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Photo of a hoverfly trapped by a Cape sundew

Photo of a hoverfly trapped by a Cape sundew

B610/0133

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Credit

DR JEREMY BURGESS / SCIENCE PHOTO LIBRARY DR JEREMY BURGESS / SCIENCE PHOTO LIBRARY

Caption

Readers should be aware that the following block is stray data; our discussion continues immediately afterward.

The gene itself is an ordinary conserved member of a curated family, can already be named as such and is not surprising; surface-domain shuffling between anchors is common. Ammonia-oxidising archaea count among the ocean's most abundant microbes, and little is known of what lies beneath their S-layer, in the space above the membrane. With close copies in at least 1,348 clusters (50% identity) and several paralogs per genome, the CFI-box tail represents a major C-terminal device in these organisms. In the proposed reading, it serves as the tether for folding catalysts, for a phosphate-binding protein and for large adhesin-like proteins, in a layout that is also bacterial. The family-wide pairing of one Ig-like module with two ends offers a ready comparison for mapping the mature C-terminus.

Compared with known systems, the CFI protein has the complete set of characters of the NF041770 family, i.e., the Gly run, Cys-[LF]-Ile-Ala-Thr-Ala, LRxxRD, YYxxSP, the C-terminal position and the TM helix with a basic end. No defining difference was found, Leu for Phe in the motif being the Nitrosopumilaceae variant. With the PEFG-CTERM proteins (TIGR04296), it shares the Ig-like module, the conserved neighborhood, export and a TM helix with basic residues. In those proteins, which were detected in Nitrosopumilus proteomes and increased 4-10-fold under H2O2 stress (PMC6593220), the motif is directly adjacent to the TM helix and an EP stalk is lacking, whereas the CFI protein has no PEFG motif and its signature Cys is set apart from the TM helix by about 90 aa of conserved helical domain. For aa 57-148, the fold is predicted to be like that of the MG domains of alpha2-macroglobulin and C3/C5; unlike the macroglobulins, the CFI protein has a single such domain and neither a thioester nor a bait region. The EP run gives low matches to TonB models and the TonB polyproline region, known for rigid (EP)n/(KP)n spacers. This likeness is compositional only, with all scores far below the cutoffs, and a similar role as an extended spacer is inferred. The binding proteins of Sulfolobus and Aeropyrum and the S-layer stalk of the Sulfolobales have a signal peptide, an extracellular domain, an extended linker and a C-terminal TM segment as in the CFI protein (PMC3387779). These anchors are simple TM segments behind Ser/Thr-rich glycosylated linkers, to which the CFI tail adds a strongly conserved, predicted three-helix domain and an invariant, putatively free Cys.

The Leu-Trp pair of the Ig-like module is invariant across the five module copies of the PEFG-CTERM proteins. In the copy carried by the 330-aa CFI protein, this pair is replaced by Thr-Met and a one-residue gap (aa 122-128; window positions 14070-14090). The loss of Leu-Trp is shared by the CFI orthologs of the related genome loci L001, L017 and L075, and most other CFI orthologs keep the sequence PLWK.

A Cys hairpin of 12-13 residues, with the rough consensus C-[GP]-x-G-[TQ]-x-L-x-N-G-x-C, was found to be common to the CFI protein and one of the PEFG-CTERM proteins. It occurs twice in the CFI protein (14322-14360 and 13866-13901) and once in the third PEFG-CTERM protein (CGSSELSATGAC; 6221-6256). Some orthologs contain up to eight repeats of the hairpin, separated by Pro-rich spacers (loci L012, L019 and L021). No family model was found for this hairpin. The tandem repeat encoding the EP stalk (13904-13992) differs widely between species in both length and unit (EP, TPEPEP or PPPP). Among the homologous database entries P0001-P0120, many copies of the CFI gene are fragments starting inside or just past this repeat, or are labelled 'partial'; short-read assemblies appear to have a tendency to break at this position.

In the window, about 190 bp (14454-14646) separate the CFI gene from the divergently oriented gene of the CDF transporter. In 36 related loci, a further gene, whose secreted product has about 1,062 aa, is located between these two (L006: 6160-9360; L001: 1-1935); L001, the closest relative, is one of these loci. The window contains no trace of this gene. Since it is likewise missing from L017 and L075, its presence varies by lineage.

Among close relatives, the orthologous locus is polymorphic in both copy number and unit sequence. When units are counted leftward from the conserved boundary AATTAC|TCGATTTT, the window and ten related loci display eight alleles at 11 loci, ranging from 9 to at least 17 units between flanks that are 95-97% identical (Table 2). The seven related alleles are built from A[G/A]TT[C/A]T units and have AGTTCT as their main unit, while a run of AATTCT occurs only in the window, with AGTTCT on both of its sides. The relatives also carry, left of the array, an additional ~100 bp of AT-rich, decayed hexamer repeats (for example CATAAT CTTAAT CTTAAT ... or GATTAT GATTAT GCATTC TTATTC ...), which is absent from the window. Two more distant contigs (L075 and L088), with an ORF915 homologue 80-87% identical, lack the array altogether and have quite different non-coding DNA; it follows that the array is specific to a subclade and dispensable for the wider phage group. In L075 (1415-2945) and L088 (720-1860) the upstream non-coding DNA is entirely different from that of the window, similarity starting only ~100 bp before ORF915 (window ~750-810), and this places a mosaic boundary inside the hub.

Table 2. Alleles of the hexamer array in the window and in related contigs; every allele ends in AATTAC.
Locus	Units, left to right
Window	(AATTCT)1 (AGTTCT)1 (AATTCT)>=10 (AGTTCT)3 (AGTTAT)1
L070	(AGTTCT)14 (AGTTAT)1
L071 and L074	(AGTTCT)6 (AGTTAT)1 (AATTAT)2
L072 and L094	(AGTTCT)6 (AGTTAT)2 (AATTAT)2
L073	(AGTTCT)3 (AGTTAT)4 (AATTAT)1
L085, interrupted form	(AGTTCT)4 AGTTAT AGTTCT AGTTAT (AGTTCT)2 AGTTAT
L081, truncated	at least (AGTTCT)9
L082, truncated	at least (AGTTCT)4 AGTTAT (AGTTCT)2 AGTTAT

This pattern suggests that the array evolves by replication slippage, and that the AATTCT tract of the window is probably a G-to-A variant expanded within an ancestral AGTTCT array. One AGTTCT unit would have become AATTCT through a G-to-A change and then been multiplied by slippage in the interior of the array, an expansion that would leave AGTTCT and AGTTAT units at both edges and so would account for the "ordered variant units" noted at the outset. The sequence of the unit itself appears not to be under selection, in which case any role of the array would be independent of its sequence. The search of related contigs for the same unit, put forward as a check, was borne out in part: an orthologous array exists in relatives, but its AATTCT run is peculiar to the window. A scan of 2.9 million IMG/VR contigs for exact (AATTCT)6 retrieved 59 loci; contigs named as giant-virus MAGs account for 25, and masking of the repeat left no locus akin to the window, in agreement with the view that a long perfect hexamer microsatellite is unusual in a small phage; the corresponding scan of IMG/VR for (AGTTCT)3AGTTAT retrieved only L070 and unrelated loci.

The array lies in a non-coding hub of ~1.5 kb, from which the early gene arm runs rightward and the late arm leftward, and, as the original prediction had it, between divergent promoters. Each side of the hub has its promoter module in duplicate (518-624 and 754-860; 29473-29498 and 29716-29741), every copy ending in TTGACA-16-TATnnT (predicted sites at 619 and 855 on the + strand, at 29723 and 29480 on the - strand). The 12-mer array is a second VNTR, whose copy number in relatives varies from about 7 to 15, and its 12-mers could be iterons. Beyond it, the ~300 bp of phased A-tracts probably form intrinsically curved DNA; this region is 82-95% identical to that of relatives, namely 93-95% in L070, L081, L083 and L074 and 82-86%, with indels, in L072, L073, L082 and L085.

Macrophotograph of a hoverfly, Syrphus ribesii, trapped by the carnivorous plant Drosera capensis (Cape sundew). Drosera is commonly found throughout the British Isles. It owes its popular name to the drops of sticky fluid, secreted by the tentacles on the leaves, which glisten in the sun like dew. Insects are attracted by the leaves & get caught in the sticky tentacles. The struggling insect stimulates the hairs to bend over; when it dies the tentacles secrete a digestive juice that breaks down the soft parts of its body. Drosera usually grows in bogs & lives on wet acid soils. Mineral nutrients are derived from the insects as the plant has a poorly developed root system.

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